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Hydration and Nutrition

at the End of Life

You matter because you are you. You matter to last moment of
your life, and we will do all we can, not only to help you die
peacefully but to live until you die
Dame Cicely Saunders

Background

In dying process HYDRATION OR NOT

HYDRATION is challanging, needs


indivudulized approach

In terminally ill patients, unwanted nutritional support


and hydration through IV or enteral routes may not
only be ineffective in reducing morbidity, but may
even be associated with an increase in medical
complications and reduction in QoL. (Mc Cann:
JAMA, vol 272, October 1994)

Does not change metabolic abnormality of cachexia


Does not improve survival, tumor response, tolerance to

anticancer, qOL

End-of-life care program


Aim for
Choices for patients to have a quality of death:

peace, comfort and dignity


Effective care planning :assess patient care needs
and preferences, support the family in LETTING HIM
GO
fewer emergency admissions
fewer transfers to hospital

Various attitudes toward dying and death

ARTIFICIAL HYDRATION AND


NUTRITION IN END OF LIFE: is it
Nonmalifience or harmful ? Beneficial or
burden?

Artificial nutrition and hydration


Parenteral:

IV : peripheral, central
SC : hypodermoclysis
Enteral

NGT
Gastrostomy
Rectal: Proctoclysis

Current Conditions

Most patients are in IV hydration and nutrition (until

the nurses give up finding the vein) or on NGT


IV hydration/TPN or NGT creates distress

Provision of food and fluid: whose problem?

Literature review:
Most terminally ill cancer patients decrease or cessation
of oral intake
Risk of dehydration:
a. Decreased /cessation of oral intake:
b. Increased water losses

AHN are traditionally considered useful and necessary components


of good medical care.
When a person is approaching death, the provision of AHN:
potentially harmful and may provide little or no benefit to the
patient
may make the period of dying more uncomfortable for both the
patient and family.
The AAHPM believes that the withholding of AHN near the end
of life may be appropriate and beneficial medical care.
Clinical judgement and skill in assessment of individual clinical

situations is necessary to determine when AHN are appropriate


measures to apply.

Symptoms of thirst and hunger in terminal illness

Is IV REDEHYDRATION NECESSARY?
Hunger, thirst, dry mouth could be eleviated with small amount

of food, fluids and/or by the application of ice chips and


lubrication to the lips.
CULTURAL APPROACH

Evidence base in PC
NGT and PEG do not produce prolongation of life & tumor

response
N/GTs can cause abdominal distention & cramps, vomiting,
diarrhea, dyspnea and aspiration pneumonia.
IV: Hospitalization, Regular monitoring, Cost
Waller A et al, 1994: 1-2 l/day: more abnormal sodium, urea,
osmolarity
Fainsenger R et al, 94: hydration related to a better symptom
control
Bruera E et al, 2000: hydration results in decreased myoclonus
and sedation, but not hallucination
Edmenton PC Canada routine use of hydration to reduce
confussion and delirium, and accumulation of opioid metabolites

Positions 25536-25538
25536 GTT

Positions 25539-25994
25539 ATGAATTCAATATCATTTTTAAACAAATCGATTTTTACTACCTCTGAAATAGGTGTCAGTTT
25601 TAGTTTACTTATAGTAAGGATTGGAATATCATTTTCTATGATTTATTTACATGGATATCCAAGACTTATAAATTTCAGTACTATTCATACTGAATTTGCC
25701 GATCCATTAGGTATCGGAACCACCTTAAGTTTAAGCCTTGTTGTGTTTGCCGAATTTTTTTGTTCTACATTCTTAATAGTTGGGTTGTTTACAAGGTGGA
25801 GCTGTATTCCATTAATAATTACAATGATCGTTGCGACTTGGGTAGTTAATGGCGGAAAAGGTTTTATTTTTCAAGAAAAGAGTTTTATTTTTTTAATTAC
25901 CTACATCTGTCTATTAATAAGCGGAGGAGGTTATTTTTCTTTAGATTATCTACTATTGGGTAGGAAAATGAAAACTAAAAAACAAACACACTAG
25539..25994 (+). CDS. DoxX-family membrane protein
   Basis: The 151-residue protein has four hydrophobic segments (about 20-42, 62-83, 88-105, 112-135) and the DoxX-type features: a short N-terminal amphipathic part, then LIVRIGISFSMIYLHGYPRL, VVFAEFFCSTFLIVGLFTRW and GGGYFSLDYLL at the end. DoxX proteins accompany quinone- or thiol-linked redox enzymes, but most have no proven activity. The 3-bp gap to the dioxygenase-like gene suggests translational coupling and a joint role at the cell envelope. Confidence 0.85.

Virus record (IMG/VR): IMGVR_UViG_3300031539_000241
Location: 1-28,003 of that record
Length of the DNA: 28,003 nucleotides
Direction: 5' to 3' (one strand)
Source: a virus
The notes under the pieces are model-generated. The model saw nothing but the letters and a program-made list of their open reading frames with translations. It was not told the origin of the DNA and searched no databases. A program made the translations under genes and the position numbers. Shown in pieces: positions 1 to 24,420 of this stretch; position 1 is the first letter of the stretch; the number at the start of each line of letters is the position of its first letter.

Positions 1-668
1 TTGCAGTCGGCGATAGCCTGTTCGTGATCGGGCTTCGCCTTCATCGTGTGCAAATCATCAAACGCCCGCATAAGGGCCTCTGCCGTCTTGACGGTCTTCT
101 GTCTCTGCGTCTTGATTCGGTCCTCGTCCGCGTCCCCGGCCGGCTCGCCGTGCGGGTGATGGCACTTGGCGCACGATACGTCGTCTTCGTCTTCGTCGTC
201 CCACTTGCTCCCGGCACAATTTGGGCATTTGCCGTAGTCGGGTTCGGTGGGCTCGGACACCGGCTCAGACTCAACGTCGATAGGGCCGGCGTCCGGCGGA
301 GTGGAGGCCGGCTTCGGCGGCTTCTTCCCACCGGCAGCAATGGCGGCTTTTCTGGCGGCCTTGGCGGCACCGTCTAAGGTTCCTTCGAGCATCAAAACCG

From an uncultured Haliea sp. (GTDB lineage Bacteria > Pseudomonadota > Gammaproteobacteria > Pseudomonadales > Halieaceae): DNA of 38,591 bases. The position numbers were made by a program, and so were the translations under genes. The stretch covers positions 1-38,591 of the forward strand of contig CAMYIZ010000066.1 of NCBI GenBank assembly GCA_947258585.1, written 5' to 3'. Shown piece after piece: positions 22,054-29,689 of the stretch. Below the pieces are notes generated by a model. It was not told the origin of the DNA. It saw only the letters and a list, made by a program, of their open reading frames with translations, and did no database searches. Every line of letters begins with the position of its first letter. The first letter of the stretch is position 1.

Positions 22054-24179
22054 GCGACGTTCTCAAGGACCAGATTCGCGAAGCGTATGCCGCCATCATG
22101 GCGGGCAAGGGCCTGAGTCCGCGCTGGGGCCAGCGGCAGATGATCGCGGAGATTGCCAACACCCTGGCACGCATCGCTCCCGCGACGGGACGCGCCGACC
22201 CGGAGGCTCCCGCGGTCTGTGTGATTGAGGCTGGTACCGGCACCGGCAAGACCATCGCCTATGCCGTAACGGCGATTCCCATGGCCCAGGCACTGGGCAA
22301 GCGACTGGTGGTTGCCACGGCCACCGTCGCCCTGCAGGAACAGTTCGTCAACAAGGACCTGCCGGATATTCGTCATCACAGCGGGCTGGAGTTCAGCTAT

which induce myoclonus and confussion.

Dietary requirement
The simpler the advice the better
Explain to the family:
Do not force the patient to eat: discourage he must eat
or he will die
Balance diet is unnecessary, ristriction?
FOOD IS LOVE AND FEEDING HIM IS MY JOB
Eat small frequent meals, smaller plate, well served
What the patient want,
When the patient want,
Where the patient feel comfortable: dining room, dress
well

Anorexia
Activity, exercise
Food serving: tasty, visually appealing,

free of odor, room temperature, easy to


digest, high calories, small portion< free
garlic and onion
Eat in sitting position
Appetite stimulant:
antihistamin
prokinetic agent
corticosteroid
progestogen

Dysphagia
Avoid large meals, carbonated drink, alcohol
Small meals, soft moist food, blendered food
Maximize calories: cream soup,
Dry mouth: drug evaluataion, ice chips, chewing gums,

artificial saliva
Liquid may more difficult to swallow
Small amount of food place towards the back of the mouth

Tips for dysphagia


Posture: sitting comfortably, head upright
RELAX: calm frame of mind
DO NOT TALK
YAWN: ease the constriction
Feeding routine:

small routine...close
lips...chew...pause...purposeful swallow..pause
TAKE TIME
After meals: drink small amount of water: rinse the
mouth and clear throat
SIT: remain sitting half an hour

Stomatitis
Avoid spicy, acid, sharp food and carbonated

drinks
Drink through a straw

HEART BURN
Wear loss garment
Elevate bed 10 cm

Abnormal taste
Tart food: pickles, vinegar, lemon juice
Add or reduce sugar
White meat, eggs, diary product
Bitter taste: more seasoning, room

temperature, drink more, marinated


meat

Constipation

Increase food intake


Add bran to diet
Increase fluid
Fruits and vegetable
Increase mobility

Bowel obstruction

Drink to relieve thirst


High calories: ice cream
Stop solid food: chew n spit it out
IV/SC Infussion

Indication of TPN
Chronically obstructed patients
Life expectancy of over two months with malnutrition

caused by starvation rather than by tumor


progression
Absence or good control of major symptoms not
related to nutrition
No tumor involvement in vital organ (brain, lung, liver)
Median survival 3 months, 25-30% 6 months

Indications of SC infusion
Mild/moderate dehydration
Impaired IV access
Community care

Contraindication
Severe dehydration
Poor tissue perfussion
Infection /broken skin
Increased risk of pulmunary cangestion/oedema
Clotting disorder
Preexisting oedema

IV line +
do not over hydrate (balance?)
regular evaluation
If IV canule fails, consider not to replace

IV line - COMFORT

Sips
Ice chips
Regular mouth care
Artificial saliva

SC HYDRATION